by Will Ashworth | August 15, 2013 3:26 pm
The world’s largest retailer reported disappointing second-quarter results this morning before the bell.
Walmart (WMT) warned that customers are in both the U.S. and abroad are slowing their spending, so much so that same-store sales actually dropped here in the states last quarter.
Does today’s 3% drop make a good buying opportunity, or is more trouble around the corner? To decide, let’s take a look at the pros and cons.
Free Cash Flow: Any business worth its salt routinely grows free cash flow. Over the past decade, Walmart’s grown its overall free cash flow by 9% compounded annually, and on a per share basis, it’s closer to 13% thanks to stock buybacks. Critics will point out that WMT’s Q2 free cash flow actually declined year-over-year by 15%. However, almost $544 million of the difference was due to increased capital expenditures, while tax payments also played a role. And at the end of the day, Walmart has added $1.24 billion in cash and cash equivalents over the first six months of the year despite a tough business environment. With more than $9 billion in cash, it’s in a very strong financial position.
Sam’s Club: Walmart’s membership-only warehouse club seems to be forgotten in much chatter about the stock, but it delivered reasonable results in Q2. Same-store sales excluding fuel gained 1.7%, while operating income increased 8% year-over-year. Traffic at the stores continues to improve thanks to membership enhancements. Don’t write off Sam’s Club just yet.
International: On a constant currency basis, net sales increased 4.4% to $33.4 billion in Q2. And despite facing a severely challenging business environment, Walmart’s international business still managed to generate $1.47 billion in operating profit last quarter — only marginally lower than in the same quarter last year. Plus, international operating margins are lower than Walmart’s U.S. stores (not including Sam’s Club), so there’s significant room for improvement when it comes to profitability. It might not happen anytime soon, but it does provide a rosier picture of Walmart’s future potential.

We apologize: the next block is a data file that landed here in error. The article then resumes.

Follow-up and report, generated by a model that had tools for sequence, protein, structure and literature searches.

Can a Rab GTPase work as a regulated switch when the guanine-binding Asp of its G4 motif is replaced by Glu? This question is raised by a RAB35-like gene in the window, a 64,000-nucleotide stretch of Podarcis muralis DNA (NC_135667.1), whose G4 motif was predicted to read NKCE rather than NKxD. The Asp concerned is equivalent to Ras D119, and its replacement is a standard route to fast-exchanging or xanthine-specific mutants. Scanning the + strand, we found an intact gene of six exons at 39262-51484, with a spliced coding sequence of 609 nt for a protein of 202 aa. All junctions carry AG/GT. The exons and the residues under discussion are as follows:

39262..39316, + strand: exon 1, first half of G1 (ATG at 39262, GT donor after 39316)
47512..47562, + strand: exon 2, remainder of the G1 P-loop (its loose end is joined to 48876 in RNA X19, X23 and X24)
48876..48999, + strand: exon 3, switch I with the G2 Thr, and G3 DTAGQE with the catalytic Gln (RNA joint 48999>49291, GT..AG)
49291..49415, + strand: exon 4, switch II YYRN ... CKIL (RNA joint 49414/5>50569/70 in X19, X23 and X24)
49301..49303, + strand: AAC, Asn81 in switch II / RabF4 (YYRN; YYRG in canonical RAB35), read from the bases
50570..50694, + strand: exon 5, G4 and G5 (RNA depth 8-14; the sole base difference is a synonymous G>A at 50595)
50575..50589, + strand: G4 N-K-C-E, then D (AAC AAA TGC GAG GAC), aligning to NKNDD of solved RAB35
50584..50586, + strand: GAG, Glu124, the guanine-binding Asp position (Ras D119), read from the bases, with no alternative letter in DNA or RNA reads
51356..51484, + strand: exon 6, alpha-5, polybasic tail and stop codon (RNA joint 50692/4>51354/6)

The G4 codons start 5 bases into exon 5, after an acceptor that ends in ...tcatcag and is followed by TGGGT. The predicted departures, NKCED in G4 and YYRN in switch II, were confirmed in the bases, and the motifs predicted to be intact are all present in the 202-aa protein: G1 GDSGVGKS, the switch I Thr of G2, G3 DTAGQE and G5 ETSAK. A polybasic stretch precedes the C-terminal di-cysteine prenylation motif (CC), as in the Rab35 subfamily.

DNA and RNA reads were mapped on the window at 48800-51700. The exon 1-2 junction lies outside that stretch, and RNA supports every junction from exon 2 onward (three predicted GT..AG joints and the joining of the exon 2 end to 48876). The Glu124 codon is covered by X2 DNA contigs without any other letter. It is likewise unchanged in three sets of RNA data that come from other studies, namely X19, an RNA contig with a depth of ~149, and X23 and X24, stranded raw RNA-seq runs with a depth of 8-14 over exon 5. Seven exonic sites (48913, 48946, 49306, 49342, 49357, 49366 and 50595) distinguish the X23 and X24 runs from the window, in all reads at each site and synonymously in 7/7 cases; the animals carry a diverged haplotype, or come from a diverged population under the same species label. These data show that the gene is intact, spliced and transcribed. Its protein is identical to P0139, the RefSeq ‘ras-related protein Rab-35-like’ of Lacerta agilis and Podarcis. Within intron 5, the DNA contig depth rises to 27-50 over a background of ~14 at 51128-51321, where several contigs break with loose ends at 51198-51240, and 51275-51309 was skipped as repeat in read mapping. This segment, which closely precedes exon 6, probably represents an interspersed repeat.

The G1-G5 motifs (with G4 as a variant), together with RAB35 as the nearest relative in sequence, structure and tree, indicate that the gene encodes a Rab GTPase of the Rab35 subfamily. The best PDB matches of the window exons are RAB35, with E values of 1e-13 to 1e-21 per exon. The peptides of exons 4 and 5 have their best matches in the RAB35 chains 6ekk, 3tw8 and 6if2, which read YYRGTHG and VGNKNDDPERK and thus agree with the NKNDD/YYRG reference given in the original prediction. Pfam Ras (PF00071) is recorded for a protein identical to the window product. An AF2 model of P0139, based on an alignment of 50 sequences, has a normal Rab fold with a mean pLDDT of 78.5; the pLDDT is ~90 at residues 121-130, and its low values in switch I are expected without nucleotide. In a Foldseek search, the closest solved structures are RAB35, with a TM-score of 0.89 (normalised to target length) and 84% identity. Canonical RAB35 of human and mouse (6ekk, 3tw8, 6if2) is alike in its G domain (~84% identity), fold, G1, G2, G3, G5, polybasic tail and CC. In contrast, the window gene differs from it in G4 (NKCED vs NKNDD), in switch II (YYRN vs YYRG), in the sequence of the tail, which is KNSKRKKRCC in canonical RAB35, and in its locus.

Payroll Taxes: While it might seem insignificant, a 2 percentage point increase in payroll taxes reduces take-home pay for a family earning $50,000 annually by $1,000 or $83 per month. That means Walmart’s sweet spot is getting seriously hurt in the pocket book. There’s about 115 million households in America and I’d guess at least 60% are in Walmart’s target demographic. If each of those 69 million households spent $200 at Walmart and the rest on other family obligations, you’re talking about a revenue loss of almost $14 billion or 17% of its U.S. revenue. That isn’t immaterial.
Share Repurchases: I’m not a big fan of buybacks for the sole reason that most overpay. In the second quarter, Walmart repurchased $1.9 billion of its stock at an average price of $79.17 per share — $4 more than where it’s currently trading. In the last three fiscal years, it has repurchased $28.7 billion of its stock at an average price of $56.54 — a cumulative return on investment of 33%. That’s very good until you realize that it could have done virtually the same thing by investing in the SPDR S&P 500 (SPY). Furthermore, its performance only looks so good because it bought more than half of the 507 million shares in fiscal 2011 when the markets were much lower. Even a blind squirrel gets an acorn now and again.
Costco: Every investment you make comes with a choice. In Walmart’s case, that option is Costco (COST) — the tiny warehouse store from Seattle. Walmart’s free cash flow in the second quarter as a percentage of total assets was 2.6%, 240 basis points less than Costco’s most recent quarter. Same-store sales comparisons between the two discount retailers is non-starter. Costco’s kicking its butt. Plus, Costco’s demographic is older and wealthier — which is good for profits.
The bottom line: Walmart has missed earnings estimates for five consecutive quarters. That shouldn’t give investors confidence. However, it’s still one of the best retailers in the world — big or small.
So should you buy Walmart’s stock? Given a choice, I’ll say no. Buy Costco instead.
As of this writing, Will Ashworth did not own a position in any of the aforementioned securities.
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